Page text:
Clayton: Baby Name of the Day


Clayton: Baby Name of the Day

This post was originally published on October 2, 2008. It was substantially revised and re-posted on September 15, 2015.

Looking for a boy’s name that’s on-trend, but not trendy?

Thanks to Another for suggesting one that fits that description. Our Baby Name of the Day is Clayton.

Clayton: Rock Steady

ClaytonBNoDsquare

Clayton has never been popular, and has never really fallen out of favor. Most years, the name ranks between #150 and #250. The name fell to #271 in 2014, which is about its lowest point. The peak? #147 in 1997. Most years, it’s somewhere in between.

That comes as something of a surprise. After all, Clayton:

  • Shares that great “ay” vowel sound with Mason, James, Aiden, and Grayson.
  • It’s a two syllable, ends-in-n choice.
  • It’s a surname name.
  • And there’s a subtle nature vibe and color name aspect to Clayton, too.

Clayton: Surname Name

Clayton started out as a surname for someone who lived in an area where clay was prevalent in the soil, or maybe there was a clay pit used for mining clay. The Old English word was claeg – sticky earth.

It’s common on the map throughout the English-speaking world, though many of the later Claytons are named after families with the surname.

Notables with the name were many. John Middleton Clayton was a Delaware senator, and later US Secretary of State. Henry Clay was a Kentucky senator turned US Secretary of State and four-time unsuccessful presidential candidate. Some of the towns were named after national figures like these men. Others were named after local families with the surname.

Henry Clay’s last presidential campaign was 1844, so perhaps he boosted Clayton as a baby name, too.

Clayton: You Might Think Of …

Film poster for Michael Clayton - Copyright 20...

There’s an interesting assortment of fictional and famous Claytons out there, including:

  • Actor Clayton Moore, best known for his portrayal of The Lone Ranger.
  • Musician Adam Clayton, bassist for Grammy-winning rock band U2.
  • John Clayton, the birth name of Tarzan in the Edgar Rice Burroughs novels – interestingly, when Disney made an animated version in 1999, they chose Clayton as the name of the bad guy.
  • Adam Clayton Powell was an early African-American politician from New York City’s Harlem. He was first elected to the US House of Representatives in 1945.
  • In 2007, George Clooney won an Oscar nomination in legal drama Michael Clayton.
  • Characters have worn the name from Dallas to One Tree Hill to Boardwalk Empire.
  • It was the surname of the dysfunctional brothers played by Keanu Reeves and Vincent D’Onofrio in 1996 indie favorite Feeling Minnesota.

Of course, there’s also American Idol alum Clay Aiken. Normally such a high-profile use might boost a name. But Clayton was already slipping when Aiken was named runner-up in 2003.

Clayton: A Traditional, On-Trend Option

Clayton Moore

Could it be that Clayton is too trendy for parents after the traditional, but not different enough for parents drawn to 21st century innovations like Payton or Jaxton?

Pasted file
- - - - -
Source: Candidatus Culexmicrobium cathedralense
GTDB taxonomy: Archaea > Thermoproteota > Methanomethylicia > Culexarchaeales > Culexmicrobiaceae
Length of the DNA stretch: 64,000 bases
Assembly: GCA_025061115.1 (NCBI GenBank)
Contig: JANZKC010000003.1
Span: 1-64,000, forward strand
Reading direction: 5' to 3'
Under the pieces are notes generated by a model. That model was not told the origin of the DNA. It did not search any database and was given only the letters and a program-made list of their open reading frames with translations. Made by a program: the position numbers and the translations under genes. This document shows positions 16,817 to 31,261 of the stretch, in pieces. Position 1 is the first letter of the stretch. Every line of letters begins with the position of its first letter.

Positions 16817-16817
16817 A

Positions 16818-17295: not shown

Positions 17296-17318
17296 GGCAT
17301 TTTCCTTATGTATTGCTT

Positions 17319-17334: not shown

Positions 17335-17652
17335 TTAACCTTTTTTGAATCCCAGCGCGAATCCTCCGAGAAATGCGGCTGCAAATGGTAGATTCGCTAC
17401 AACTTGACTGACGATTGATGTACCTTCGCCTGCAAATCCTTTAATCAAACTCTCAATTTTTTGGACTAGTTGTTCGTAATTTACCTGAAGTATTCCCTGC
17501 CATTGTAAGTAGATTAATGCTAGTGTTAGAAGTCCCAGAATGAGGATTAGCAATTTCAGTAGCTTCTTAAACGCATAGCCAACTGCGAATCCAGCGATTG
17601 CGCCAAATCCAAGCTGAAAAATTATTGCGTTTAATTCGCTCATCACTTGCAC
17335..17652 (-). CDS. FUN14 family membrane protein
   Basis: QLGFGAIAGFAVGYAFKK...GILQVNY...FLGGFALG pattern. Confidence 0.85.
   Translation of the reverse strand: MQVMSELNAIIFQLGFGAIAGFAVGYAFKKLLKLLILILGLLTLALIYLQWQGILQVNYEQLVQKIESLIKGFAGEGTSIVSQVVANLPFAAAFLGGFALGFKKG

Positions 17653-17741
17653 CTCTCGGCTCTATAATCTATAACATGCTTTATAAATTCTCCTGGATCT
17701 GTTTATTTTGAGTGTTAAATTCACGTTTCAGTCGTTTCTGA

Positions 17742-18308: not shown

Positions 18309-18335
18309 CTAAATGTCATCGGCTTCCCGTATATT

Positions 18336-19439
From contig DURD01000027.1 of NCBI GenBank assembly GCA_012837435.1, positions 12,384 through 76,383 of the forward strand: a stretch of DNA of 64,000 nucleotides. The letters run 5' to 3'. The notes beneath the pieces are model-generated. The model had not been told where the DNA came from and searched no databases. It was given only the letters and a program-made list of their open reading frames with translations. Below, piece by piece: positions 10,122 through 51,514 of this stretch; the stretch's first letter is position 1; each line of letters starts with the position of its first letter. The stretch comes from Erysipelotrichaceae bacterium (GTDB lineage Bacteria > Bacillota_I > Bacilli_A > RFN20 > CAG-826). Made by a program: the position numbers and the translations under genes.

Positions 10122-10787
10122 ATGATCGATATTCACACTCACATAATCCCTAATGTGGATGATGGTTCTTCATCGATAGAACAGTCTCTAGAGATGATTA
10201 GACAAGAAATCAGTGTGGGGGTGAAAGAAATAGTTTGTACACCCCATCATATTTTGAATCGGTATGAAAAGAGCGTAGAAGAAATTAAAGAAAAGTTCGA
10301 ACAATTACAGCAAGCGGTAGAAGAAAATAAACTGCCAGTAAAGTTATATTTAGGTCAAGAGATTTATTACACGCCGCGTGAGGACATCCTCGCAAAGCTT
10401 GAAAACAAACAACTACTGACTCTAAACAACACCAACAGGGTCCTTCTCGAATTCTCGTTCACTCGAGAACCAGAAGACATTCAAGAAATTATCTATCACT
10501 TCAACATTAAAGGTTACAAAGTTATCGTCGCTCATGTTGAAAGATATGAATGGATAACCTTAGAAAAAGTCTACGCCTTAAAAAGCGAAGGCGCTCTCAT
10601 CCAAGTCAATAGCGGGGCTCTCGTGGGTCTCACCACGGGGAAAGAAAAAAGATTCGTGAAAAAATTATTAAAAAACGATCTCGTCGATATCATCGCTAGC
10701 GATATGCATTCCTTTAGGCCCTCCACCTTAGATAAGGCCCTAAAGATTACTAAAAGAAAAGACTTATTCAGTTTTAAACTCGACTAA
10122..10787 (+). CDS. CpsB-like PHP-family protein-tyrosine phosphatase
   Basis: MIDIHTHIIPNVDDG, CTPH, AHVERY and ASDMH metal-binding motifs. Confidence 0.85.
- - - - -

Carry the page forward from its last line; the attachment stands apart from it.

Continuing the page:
Thanks to the Lone Ranger star, Clayton would be at home on the range with cowboy names like Wyatt and Colton.

Overall, it’s the perfect compromise name. I’ve known a Clayton old enough to be my grandpa,  another a few years younger than me, and it remains in steady use for newborns. It shortens to Clay and also Clayt – rhymes with Kate – but needs no nickname. And while everyone will instantly recognize Clayton as a name, odds are that your son will never have to share.

What do you think of Clayton? Any guesses as to why it isn’t more popular?

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6 Comments

My immediate association is the villain in Tarzan. There’s a part where Tarzan mimics Jane calling out “Clayton!” and I can’t help but hear that exact tone in my head whenever I see the name. It’s not usable for me.

I used to work for a Clayton who went by the name Clayt. A thoroughly upstanding citizen, and I always rather liked the extra “t” on the nickname.

And my first Big Crush was a Clayton, too. (If memory serves, he was Clayton III.) So it’s an appealing choice from my perspective.

Lola, LOL at your analysis of Clay Aiken – I agree completely! Crispin Glover makes me like Crispin more, but Clay Aiken does give me pause. 🙂

And Kayt, you might be right about the fact that it just feels done.

My father-in-law is Clayton who goes by Clayt which I like a lot more than Clay. My husband had a little brother who passed away at age 6 who was named Clayton and went by Claytie. We’ll be using Clayton as a middle name. I really love it. Thanks for featuring it!

Clay, maybe. Clayton? No. It just sounds too country bumpkin to me, and Aiken (guess I have to stop calling him “the Gaykin” now) doesn’t help.

One of my best friends in middle school was named Clayton. I too, am surprized that it’s declining. It’s perfectly in sync. I think the fact that it was most popular in the early 90’s makes it feel a bit dated, like Corey or Cody. It’s not that it doesn’t fit the trends, it’s that it’s been done already.

Huzzah for Clayton, a legitimate name in the Payton/Hayden mess that abounds. I have to admit, Clay as a nickname isn’t for me, but he should be appealing to all those crunchy moms out there, I would think. You know, the ones who already profess love for Reed& River for boys & Cinnamon & Tangerine for a girl. Clayton feels substantial next to those, kind of heavy & solid. While Henry Clay as an assocation is pretty cool, Clay Aiken does indeed kill it. Geeky and odd, he strikes even me who generally likes Geeky & odd as creepy.

All in all, I’m almost as surprised as you are that Clayton’s falling. He’s pretty cool (despite creepy Clay Aiken)